- Most real friends of the True King will find value in "Radical" and want to share it with others.
[Toward multiplying the circulation of "Radical," "Mission Frontiers" has arranged a bulk discount for its reader. Google "Mission Frontiers Radical not about me"]

"Radical" is NOT likely to be appreciated by those who
- are prone to feelings of guilt,
- want to justify their attachment to the things of this world, or
- are not prepared to give their lives to drawing close to Jesus and joining Him in His global purpose.

For a mature discussion of the danger of some experiencing "Radical" as a guilt trip, see the concerns of Kevin DeYoung and the response he invited from Dr. Platt, which you can find by googling "DeYoung Platt Root of Radical."

REPRESENTATIVE OF THE IMPACT OF "RADICAL":

The following edited story typifies the impact of Dr. Platt's message. [Find the original by googling "Platt foster care office"]:

Dr. Platt asked a foster care office in Birmingham how many families they would need to care for all the children. They laughed. He asked again. They said 150 families. Platt preached on orphan care from James 1 (v. 27 in particular), and 160 families signed up to serve as foster care families.

---

Today, 11/7/2010, I have moved the following items to a comment under today's date:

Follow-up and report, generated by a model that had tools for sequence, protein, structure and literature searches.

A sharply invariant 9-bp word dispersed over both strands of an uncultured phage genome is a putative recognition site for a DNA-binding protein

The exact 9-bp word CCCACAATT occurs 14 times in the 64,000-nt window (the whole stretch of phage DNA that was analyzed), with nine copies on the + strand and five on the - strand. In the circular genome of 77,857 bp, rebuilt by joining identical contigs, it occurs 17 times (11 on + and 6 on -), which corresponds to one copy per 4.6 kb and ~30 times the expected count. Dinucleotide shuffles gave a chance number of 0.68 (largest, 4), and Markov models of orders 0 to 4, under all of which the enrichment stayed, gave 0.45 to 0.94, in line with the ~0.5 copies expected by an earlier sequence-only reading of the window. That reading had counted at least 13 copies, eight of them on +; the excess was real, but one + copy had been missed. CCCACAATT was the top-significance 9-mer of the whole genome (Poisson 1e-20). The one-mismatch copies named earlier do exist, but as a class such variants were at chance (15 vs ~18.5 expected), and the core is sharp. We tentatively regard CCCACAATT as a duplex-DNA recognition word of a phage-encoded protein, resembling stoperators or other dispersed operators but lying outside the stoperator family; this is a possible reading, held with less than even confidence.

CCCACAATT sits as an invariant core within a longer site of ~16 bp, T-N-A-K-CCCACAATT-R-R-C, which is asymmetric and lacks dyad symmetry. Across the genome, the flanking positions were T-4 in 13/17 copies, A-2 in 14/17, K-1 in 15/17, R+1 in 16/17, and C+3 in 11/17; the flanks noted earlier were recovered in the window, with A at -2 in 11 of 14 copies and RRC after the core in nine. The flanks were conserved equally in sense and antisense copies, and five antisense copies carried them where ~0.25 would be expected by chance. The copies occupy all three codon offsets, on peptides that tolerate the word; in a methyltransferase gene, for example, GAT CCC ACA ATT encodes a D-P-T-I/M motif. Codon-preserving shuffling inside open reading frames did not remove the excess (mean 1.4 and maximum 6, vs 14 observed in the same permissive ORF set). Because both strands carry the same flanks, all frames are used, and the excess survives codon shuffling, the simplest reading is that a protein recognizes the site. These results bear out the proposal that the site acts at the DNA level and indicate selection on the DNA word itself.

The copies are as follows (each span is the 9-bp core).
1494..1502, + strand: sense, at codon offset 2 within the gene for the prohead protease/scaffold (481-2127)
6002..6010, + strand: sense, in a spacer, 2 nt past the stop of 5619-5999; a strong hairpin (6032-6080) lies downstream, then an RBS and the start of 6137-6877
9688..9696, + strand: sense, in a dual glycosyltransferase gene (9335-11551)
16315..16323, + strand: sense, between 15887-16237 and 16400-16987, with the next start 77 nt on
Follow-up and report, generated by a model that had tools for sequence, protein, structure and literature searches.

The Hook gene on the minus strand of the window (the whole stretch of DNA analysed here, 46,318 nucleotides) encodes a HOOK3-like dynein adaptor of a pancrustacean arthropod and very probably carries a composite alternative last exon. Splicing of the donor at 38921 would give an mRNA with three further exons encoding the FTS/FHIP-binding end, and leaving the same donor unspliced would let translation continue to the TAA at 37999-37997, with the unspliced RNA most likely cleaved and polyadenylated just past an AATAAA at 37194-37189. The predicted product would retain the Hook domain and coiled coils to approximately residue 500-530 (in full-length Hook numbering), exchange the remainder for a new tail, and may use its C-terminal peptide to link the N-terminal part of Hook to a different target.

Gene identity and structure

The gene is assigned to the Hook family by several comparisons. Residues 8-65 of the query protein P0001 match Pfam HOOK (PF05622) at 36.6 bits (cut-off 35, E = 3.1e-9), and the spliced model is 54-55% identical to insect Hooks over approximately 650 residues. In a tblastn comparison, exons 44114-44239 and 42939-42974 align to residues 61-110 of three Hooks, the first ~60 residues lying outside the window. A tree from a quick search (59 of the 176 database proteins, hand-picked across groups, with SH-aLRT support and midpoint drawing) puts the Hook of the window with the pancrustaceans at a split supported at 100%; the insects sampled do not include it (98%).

- my own transformation of perspective toward "Radical,"
- how God is using "Radical" like He has used "Crazy Love,"
- my unusual involvement in promoting "Radical," and
- related free resources to help you live radically for our King.

To see the kind of practical applications Radical is stirring, google "Waterbrook Multnomah Radical action plan."

DISCLAIMER: I did NOT receive a copy of "Radical" or any other compensation for this review or any other analysis or promotion of "Radical." All of my research and endorsement of this book is a free gift offered in service to my King.

NOTE: If you have found this review helpful, please register that with the button below. Thanks!
181 internautes sur 191 ont trouvé ce commentaire utile 
4.0 étoiles sur 5 A Little Too Radical 2 décembre 2010
Par David D. Browning - Publié sur Amazon.com
Format:Broché
I finished reading David Platt's book Radical, while waiting for a flight from New Delhi to Hyderabad, India. The book had been recommended to me by several friends, so I decided to throw it in my bag for my recent tour (training pastors in the Philippines, India, Pakistan, Kenya and South Africa). The book calls us to a much deeper commitment to following Christ, and reaching others - two themes that get my blood going. So thanks to David Platt for stoking the fire. For the most part the book accomplished its mission well.

On the other hand, there were places where Platt got my blood boiling in a not-so-helpful way - a little too radical. In an effort to make his points, I felt that Platt pressed too hard, and stretched the supporting evidence. I would chalk it up to "too much of a good thing." Here are my (hopefully) gentle critiques: